I have been lurking here for more than a year and have finally decided it's time to start designing a machine of my own.
The machine is intended mostly for hobby use, cutting aluminium but also wood and maybe even a very slowly cut steel part. That being said I try not to have
any unrealistic expectations about accuracy or speed, but i do want to do the best i can within my means.
The machine is designed with these constrains in mind -
- My shop space is very small 5m2 (54ft2), so a 100x70cm (40x28 inches) footprint in a corner is all I can reserve.
- In such a confined space dust and chips must be kept to a minimum, so an enclosure is a must.
- The x-axis must run along the short (70cm) axis or access to the machine will be too hindered. So the gantry
will span be across the 100cm axis which is not desirable but sadly seems unavoidable.
- The shop has neighbors close by so noise should be kept down as much as possible - via enclosure.
This is a rough sketch of the frame. I decided that feedback was needed before moving on.
The tubing is 50x50mm 5mm wall thickness. I am contemplating 60x60x4mm or 70x70x3mm since I remember reading that deflection is related to cross section. Also a NEMA23 stepper motor is around 55mm wide and with a larger pipe it will sit "inside". To keep weight managable I lower the wall thickness as i increase crosssection.
The plates on the back and sides are there to add structural strength and to act as splashguard and enclosure. I have dimensioned this to a thickness of 4mm at the moment in hopes that this will make it less likely to bow and induce deflections in the tube when it is welded. I have not added bracing yet at i was hoping these plates would make up for it, but is this a reasonable thought?
On a whole i know that welding is going to distort everything, but i do feel that the strength is needed for my purposes.
I have not drawn the linear rails yet, but they go on top and will be leveled using the epoxy method.
Any feedback is appreciated.
You need to draw in roughly, just using rectangular boxes, the gantry, ballscrews, energy chains, motor mounts, because you will end up with one of two things, a machine with a bigger footprint than you expected, or a machine with a smaller cutting area.
Last edited by EddyCurrent; 10-12-2014 at 01:39 PM.Spelling mistakes are not intentional, I only seem to see them some time after I've posted
I wouldn't weld the plates to frame.! Brace the frame using normal triangular methods and bolt the sheet/plates to the frame.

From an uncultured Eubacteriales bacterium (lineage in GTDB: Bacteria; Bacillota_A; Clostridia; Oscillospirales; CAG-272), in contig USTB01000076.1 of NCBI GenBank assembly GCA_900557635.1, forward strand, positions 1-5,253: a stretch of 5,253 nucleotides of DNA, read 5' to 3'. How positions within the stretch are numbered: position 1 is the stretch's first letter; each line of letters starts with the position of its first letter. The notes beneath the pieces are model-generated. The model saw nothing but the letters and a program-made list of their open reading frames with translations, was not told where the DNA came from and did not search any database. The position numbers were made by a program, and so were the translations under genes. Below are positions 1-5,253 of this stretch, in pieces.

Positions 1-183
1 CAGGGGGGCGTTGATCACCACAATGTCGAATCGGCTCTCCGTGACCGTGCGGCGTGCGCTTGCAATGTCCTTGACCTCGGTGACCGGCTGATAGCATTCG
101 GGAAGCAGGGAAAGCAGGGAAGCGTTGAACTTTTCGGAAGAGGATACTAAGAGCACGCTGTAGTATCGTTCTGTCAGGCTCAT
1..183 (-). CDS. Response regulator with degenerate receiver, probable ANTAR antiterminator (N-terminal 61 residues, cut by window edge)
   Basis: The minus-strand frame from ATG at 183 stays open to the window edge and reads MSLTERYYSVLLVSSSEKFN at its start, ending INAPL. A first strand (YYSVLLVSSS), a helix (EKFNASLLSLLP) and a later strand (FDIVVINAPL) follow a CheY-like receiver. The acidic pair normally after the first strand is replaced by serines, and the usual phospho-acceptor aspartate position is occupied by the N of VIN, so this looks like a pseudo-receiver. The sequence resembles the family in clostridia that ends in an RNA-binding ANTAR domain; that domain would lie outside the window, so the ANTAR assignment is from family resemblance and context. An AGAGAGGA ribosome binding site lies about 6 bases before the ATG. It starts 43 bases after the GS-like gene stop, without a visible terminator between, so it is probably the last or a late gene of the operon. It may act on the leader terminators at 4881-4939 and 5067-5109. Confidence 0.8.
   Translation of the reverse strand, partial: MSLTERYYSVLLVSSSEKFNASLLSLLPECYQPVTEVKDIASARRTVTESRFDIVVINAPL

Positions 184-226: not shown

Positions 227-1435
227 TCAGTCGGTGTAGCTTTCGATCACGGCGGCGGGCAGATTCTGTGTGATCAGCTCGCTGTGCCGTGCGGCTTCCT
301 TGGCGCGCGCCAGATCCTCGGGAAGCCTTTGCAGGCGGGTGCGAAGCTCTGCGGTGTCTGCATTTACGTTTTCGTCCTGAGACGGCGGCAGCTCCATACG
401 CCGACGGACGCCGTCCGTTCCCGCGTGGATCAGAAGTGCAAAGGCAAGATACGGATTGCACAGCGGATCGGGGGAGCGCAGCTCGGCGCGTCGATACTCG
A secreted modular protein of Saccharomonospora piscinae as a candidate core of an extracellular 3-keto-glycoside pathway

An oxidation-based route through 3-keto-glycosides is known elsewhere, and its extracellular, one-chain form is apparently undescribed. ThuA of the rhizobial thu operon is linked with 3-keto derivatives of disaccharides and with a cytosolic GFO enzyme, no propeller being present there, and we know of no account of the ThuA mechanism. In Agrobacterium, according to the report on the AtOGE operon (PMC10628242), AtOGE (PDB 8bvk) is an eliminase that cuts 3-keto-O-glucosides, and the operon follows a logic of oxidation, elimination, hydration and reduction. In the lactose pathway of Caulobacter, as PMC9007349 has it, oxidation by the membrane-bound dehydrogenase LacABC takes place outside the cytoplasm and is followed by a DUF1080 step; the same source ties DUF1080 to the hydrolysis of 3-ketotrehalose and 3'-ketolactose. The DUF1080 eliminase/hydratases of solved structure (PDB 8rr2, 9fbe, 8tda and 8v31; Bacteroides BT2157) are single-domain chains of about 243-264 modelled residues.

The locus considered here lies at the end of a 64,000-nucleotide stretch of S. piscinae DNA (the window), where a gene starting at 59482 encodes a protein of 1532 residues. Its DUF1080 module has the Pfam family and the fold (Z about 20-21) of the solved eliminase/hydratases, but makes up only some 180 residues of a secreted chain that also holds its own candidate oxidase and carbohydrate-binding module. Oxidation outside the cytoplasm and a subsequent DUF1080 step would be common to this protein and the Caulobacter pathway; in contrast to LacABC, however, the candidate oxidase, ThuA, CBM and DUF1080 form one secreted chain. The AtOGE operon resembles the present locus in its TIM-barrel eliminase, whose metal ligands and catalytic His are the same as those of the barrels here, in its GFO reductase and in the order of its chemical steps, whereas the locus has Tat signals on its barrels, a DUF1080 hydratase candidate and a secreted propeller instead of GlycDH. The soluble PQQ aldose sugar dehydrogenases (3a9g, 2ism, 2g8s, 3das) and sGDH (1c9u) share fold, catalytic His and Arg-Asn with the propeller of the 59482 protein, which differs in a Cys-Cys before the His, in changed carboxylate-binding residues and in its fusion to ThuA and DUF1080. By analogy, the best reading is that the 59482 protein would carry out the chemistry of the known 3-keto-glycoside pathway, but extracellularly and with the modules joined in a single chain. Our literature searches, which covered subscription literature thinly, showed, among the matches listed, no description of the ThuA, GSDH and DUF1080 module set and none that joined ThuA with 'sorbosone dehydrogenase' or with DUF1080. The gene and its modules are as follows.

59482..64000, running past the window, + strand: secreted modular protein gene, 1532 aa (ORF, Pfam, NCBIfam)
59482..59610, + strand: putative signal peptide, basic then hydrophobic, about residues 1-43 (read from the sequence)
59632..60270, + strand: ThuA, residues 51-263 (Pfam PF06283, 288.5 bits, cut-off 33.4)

This will reduce chances of heat from welds pulling the frame plus be easier, quicker and more flexible regards building enclosure. The bolted sheet will still add strength and allow better access for working on etc. Also you'll be able to dampen the sheet to lower noise and resonance by using rubber gasket between frame and sheet.
Last edited by JAZZCNC; 10-12-2014 at 08:02 PM.
Thank you for the feedback, the design has been redone from scratch. I have decided how the gantry should be mounted, but not how the gantry itself should be built. A slim gantry is not easy to design (if at all possible) while also being inflexible.
I am planning on adding a center tube to support the middle of the bed in the front.
The bed is supported by 3 tubes of 50x50x3 tube in the middle section, the sides rest on a 5mm thick piece of angle iron.
Steel tube sizes are as follows
- Green: 50x50x3mm
- Yellow: 80x30x3mm
- Pinkish: 70x70x3mm
- Plates: 10mm Aluminium on the carriages, not sure if i should switch to steel?
At the moment the gantry has 500mm travel are the linear carriages are spaced so they are 230mm end to end, I read later that these should be a minimum of 250mm. So maybe i should widen the gap?
As you can see the wall thickness is 3mm all around, I am considering 4mm to make it stronger; But it is already quite heavy, so is there any parts that will benefit more than others from extra wall thickness?
Last edited by Misc; 14-12-2014 at 12:40 AM.
Looking better but I'm not a fan of ballscrews being up above the rails due to being easy to damage thru leaning on or when loading material etc.
Also if those black things connected to the screws are steppers and your thinking to mount them like that then your in for massive troubles.?
Try to build in some adjustment for things like ballscrews to ease alignment.
The bearing spacing isn't too critical when using twin screws so your size will be fine if it fits better. Thou more won't hurt if possible.
your bracing can be much smaller , as the forces are compression and tension
also try brace into the very corners as this maximize's the strength of the brace , and makes welding easier as there will be even less warp
just a comment :D
I was under the impression that this approach would distort the joint more as that small section is subjected to more heat and will also have more weld material causing contraction?
Last edited by Misc; 15-12-2014 at 01:54 PM.
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